Sin’s effects begin in the heart, but they extend outward from there to every part of our being.  One of the most dramatically affected areas of our life is our communications.  How we use our words reflects the state of our hearts.  One of the most powerful statements about this is found in the book of James.  Look with me for a moment at James 3:5-10 [read].  The tongue is a destroyer, says James.  The tongue does so much damage to the people around us.  Yet, says James, the tongue is used to bless our Lord and Father.  It can and is used by Christians to honour God’s Name.  But then the same tongue is also used to curse people who are created in the image of God.  What we give with one hand, we take back with the other.  This is a realistic description of life in this sinful world and how we use our tongues and mouths here. 

To be clear, this is not only about having conversations with one another face to face or over the phone.  When Scripture speaks about our tongues, lips, and mouths, we have to realize that this is just a comprehensive way of speaking about all our communication.  Scripture’s teaching applies to our e-mails, our Facebook posts and chats, what we do on Twitter, Google Plus, or whatever other social media we’re using.  God’s Word speaks to all of it.  Sin has impacted all our communication, no matter where it takes place.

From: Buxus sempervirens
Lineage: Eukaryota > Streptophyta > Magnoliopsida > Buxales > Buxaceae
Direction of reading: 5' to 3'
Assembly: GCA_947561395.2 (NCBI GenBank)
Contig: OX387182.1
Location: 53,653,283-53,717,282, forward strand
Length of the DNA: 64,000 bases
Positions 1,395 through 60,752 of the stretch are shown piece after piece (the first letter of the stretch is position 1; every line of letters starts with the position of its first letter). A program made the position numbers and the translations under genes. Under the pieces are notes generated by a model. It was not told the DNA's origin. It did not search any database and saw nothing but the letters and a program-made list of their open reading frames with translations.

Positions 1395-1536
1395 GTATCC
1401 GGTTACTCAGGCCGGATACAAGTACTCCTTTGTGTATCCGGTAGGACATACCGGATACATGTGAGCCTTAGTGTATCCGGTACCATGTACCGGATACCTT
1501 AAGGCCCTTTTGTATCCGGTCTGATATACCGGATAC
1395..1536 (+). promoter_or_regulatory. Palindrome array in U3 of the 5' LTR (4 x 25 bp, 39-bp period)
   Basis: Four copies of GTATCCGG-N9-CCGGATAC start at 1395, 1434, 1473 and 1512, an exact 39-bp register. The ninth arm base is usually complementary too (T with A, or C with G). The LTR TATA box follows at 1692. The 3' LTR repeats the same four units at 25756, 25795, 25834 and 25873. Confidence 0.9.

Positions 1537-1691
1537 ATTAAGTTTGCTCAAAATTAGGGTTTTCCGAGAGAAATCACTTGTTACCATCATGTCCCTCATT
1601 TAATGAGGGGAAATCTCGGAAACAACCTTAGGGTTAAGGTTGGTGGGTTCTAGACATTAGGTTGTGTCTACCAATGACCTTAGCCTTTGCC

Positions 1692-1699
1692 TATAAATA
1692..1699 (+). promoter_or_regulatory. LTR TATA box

As a result, many of our words are not used for the glory of God.  Many of our words do not lead to God’s Name being honoured as holy.  Instead, as James says, there is this mixture.  What we want is for that mixture to change its proportions.  For the unbeliever, the situation is straight blasphemy, so it’s not really a mixture at all.  For the Christian, the mixture of our words is part dishonouring to God and part honouring.  We want that mixture to change to a proportion where the vast majority of the time we are honouring God’s Name as holy with our words.  In this life, we will not reach a point where the mixture entirely disappears, but it can change and that’s what our Master is teaching us to pray about.

We are taught to pray to God so that our sanctification continues also in the area of communication.  Sanctification – remember, that’s the process by which we become more and more Christ-like.  In this instance, we want to be more and more like Christ in terms of how we use our words.  Look to Jesus.  Our Saviour was always careful to use his communication for the glory of God.  Not a word left his lips that had not been carefully thought out in terms of its impact on the Name of God.  He wisely used his words for the glory of God and the good of his neighbour.  This is a gospel truth we can cherish because he did that for us.  All the words he spoke, not only gave glory to God, they also gave righteousness to us.  All of Christ’s righteousness is ours when we believe in him.  However, his salvation includes the transformation of our lives -- change.  Because we have the Holy Spirit living in us, that transformation is something that we yearn for.  Following the teaching of our Saviour, it’s something that we’re going to pray for.